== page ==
Lycopene, an efficient antioxidant and singlet oxygen quencher, is mainly delivered within the human diet out of tomatoes and tomato products. Processing liberates this carotenoid from complexes with proteins and thus makes it more bioavailable. Rosehip, a wild fruit which is used more often recently to produce mark, jams and juices, showed remarkable contents of lycopene (12.9-35.2 mg/100 g) with an unexpected isomer pattern. (6)
Chamomile is one of the most popular single ingredient herbal teas. Chamomile tea, brewed from dried flower heads, has been used traditionally for medicinal purposes. The main constituents of the flowers include several phenolic compounds, primarily the flavonoids apigenin, quercetin, patuletin, luteolin and their glucosides. The principal components of the essential oil extracted from the flowers are the terpenoids alpha-bisabolol and its oxides and azulenes, including chamazulene.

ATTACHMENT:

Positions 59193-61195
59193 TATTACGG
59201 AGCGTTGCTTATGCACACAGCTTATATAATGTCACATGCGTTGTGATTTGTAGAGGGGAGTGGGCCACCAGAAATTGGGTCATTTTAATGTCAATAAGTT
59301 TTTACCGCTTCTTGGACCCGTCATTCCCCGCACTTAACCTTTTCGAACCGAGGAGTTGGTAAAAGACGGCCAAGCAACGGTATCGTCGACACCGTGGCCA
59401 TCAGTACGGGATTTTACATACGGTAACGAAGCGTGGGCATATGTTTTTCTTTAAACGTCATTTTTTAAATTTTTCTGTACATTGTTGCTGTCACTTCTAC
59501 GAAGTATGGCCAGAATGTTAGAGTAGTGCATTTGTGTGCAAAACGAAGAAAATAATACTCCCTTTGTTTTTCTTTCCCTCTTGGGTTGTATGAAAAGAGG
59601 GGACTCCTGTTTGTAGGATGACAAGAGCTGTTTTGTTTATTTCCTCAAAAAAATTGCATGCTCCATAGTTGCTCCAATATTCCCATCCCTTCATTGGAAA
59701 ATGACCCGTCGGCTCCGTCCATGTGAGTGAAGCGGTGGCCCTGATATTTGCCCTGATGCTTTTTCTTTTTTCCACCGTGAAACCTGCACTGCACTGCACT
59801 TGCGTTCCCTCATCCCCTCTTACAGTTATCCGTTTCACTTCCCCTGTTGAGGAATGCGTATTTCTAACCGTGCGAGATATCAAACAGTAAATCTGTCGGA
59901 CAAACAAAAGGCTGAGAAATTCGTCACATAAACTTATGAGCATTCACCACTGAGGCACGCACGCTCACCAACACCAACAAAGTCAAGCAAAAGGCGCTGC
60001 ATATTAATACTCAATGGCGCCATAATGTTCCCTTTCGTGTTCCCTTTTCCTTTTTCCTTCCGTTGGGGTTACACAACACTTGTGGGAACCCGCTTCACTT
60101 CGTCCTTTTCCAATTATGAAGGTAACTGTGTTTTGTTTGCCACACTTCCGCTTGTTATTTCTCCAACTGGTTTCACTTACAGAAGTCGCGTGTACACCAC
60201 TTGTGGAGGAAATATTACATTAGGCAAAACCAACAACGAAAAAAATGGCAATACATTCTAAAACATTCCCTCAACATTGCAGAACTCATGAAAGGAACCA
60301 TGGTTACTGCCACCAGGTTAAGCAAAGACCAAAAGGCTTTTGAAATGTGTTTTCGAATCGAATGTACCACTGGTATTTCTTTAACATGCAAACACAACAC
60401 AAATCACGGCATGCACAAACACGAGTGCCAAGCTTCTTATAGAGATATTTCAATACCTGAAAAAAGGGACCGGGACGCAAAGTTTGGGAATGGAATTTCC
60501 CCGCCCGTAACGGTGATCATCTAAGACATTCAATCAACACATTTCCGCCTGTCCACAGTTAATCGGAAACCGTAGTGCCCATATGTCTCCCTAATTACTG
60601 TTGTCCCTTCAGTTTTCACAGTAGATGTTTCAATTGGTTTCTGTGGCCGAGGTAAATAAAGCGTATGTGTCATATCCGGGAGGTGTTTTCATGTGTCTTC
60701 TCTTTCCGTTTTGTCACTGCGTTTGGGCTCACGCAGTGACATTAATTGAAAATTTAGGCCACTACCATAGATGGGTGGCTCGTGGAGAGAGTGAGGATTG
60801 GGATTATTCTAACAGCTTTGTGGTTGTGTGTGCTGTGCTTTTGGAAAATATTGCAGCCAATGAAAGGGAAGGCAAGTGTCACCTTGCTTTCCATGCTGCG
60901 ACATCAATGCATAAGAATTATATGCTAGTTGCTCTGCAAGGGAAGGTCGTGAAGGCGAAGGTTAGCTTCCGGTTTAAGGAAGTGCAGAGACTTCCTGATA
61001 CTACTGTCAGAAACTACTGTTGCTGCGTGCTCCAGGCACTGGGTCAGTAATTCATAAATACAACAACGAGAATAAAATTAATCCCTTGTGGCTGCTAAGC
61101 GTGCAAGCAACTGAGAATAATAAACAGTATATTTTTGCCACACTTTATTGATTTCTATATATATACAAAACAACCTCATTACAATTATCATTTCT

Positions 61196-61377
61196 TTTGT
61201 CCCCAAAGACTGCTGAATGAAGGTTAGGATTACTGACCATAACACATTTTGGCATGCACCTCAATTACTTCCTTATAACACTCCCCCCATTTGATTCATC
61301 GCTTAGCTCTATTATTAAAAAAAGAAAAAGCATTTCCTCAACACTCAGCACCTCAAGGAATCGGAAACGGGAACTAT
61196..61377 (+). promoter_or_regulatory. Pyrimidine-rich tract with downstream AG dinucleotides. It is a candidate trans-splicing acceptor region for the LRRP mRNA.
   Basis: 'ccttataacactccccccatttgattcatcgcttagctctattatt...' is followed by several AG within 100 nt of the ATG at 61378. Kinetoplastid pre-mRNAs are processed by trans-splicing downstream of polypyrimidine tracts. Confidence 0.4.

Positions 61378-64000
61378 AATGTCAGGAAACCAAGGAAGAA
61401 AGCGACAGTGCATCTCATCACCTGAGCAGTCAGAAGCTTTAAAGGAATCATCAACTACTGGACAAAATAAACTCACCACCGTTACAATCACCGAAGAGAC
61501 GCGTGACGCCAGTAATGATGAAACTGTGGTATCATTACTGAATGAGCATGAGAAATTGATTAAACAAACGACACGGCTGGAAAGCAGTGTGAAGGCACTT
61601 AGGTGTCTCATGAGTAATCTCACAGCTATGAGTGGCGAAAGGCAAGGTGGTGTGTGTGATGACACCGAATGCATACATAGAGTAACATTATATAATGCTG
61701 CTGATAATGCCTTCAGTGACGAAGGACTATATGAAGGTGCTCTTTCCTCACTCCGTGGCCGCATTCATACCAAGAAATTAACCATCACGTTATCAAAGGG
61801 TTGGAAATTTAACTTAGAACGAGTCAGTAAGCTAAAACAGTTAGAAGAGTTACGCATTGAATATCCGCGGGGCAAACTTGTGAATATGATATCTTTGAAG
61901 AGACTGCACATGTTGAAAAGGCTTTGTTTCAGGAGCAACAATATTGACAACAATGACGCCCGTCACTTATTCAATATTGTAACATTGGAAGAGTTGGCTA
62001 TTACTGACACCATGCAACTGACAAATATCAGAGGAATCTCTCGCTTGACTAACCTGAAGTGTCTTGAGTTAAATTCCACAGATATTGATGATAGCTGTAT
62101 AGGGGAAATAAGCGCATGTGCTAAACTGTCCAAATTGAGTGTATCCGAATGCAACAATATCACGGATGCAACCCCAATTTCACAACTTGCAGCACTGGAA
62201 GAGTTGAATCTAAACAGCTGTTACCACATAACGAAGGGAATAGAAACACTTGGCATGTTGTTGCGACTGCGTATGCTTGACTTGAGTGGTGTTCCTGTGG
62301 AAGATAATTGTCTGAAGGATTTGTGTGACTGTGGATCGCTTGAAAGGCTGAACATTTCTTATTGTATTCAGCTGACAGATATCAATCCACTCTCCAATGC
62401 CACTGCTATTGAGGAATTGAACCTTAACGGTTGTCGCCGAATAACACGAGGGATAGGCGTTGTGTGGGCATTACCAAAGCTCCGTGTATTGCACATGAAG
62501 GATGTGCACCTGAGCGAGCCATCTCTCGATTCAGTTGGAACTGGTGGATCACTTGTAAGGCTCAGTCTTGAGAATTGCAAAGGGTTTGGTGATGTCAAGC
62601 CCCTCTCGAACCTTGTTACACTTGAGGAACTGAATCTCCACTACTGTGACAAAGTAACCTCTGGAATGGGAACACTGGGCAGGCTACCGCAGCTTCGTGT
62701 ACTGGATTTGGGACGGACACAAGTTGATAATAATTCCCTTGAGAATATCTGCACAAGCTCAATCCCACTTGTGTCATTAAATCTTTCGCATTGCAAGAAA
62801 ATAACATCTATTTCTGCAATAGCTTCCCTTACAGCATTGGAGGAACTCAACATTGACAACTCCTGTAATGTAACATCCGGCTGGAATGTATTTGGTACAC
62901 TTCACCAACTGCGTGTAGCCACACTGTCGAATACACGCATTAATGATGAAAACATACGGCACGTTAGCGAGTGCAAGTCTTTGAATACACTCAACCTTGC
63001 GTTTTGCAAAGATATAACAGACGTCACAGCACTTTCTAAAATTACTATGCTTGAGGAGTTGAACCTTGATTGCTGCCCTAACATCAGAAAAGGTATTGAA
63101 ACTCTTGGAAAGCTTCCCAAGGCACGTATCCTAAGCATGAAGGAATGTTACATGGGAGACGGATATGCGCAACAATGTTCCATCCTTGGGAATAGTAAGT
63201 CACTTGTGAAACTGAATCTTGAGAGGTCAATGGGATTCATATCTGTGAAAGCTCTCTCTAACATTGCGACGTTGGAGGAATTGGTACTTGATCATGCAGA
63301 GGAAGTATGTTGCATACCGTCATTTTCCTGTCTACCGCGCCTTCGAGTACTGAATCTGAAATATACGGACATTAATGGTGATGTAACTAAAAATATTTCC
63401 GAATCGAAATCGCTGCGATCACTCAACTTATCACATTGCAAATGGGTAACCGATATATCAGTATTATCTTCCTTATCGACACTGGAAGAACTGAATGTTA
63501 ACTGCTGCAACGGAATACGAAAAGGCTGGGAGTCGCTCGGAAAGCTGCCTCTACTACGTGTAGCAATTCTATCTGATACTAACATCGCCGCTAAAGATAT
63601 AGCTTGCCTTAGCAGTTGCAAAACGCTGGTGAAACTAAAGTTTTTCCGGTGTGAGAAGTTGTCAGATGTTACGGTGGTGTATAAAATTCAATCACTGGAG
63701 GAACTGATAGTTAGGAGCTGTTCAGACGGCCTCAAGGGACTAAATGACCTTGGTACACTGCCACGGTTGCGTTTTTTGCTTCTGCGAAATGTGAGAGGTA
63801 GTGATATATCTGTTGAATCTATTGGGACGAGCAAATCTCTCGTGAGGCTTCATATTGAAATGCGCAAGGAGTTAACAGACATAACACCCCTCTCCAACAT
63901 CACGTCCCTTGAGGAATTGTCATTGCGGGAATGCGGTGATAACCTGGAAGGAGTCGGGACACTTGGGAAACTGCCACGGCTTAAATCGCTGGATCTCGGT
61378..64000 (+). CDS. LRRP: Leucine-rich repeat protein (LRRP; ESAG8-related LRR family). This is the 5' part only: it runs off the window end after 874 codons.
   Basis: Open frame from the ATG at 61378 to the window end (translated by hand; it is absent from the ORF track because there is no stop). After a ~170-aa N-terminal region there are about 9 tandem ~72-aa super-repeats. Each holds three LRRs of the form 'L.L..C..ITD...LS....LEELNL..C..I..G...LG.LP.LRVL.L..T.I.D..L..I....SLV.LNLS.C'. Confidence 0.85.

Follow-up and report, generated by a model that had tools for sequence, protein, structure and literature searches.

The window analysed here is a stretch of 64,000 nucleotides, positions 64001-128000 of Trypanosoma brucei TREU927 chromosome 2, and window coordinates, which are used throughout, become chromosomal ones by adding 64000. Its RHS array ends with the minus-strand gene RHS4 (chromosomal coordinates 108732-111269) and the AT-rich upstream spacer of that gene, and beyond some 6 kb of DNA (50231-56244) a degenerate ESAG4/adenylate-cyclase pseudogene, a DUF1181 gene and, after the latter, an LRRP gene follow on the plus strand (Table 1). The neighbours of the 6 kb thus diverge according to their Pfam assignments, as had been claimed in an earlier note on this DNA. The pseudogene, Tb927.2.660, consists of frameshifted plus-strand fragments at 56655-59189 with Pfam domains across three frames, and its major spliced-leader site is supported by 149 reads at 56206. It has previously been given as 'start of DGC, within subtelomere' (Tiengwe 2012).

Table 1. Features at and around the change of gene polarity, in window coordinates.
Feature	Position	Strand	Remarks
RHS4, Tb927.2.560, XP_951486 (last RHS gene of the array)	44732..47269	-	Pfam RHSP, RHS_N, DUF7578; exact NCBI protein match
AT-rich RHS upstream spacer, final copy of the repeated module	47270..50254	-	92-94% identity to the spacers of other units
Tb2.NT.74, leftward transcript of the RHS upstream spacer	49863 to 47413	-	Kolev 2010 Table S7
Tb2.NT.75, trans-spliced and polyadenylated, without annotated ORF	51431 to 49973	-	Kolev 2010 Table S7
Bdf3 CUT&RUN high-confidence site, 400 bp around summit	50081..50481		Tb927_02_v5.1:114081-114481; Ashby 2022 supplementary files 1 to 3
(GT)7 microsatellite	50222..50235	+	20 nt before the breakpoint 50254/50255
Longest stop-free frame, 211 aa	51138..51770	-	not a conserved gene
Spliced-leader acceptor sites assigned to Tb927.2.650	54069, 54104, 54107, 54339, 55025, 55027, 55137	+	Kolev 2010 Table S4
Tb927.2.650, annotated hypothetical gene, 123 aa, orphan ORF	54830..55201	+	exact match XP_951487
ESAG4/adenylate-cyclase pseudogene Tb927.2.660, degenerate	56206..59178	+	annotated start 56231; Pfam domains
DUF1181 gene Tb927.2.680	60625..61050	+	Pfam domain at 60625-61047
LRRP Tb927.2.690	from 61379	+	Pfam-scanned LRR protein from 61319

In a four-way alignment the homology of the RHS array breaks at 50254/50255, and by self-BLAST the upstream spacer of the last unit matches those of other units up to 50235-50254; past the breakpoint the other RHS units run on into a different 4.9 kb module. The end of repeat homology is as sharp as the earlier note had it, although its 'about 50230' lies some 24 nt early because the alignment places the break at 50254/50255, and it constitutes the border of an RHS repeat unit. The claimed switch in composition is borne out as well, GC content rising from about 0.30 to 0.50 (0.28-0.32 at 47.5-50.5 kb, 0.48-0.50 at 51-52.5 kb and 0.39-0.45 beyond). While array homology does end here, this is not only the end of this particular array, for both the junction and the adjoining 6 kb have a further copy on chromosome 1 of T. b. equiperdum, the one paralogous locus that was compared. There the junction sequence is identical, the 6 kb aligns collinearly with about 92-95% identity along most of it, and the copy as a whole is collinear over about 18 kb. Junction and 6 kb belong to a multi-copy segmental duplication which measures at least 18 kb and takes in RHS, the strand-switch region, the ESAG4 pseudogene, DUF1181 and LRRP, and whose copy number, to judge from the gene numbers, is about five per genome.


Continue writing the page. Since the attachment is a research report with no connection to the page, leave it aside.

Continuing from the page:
Chamomile has moderate antioxidant and antimicrobial activities, and significant antiplatelet activity in vitro. Animal model studies indicate potent antiinflammatory action, some antimutagenic and cholesterol-lowering activities, as well as antispasmotic and anxiolytic effects. However, human studies are limited, and clinical trials examining the purported sedative properties of chamomile tea are absent. Adverse reactions to chamomile, consumed as a tisane or applied topically, have been reported among those with allergies to other plants in the daisy family, i.e. Asteraceae or Compositae. (7)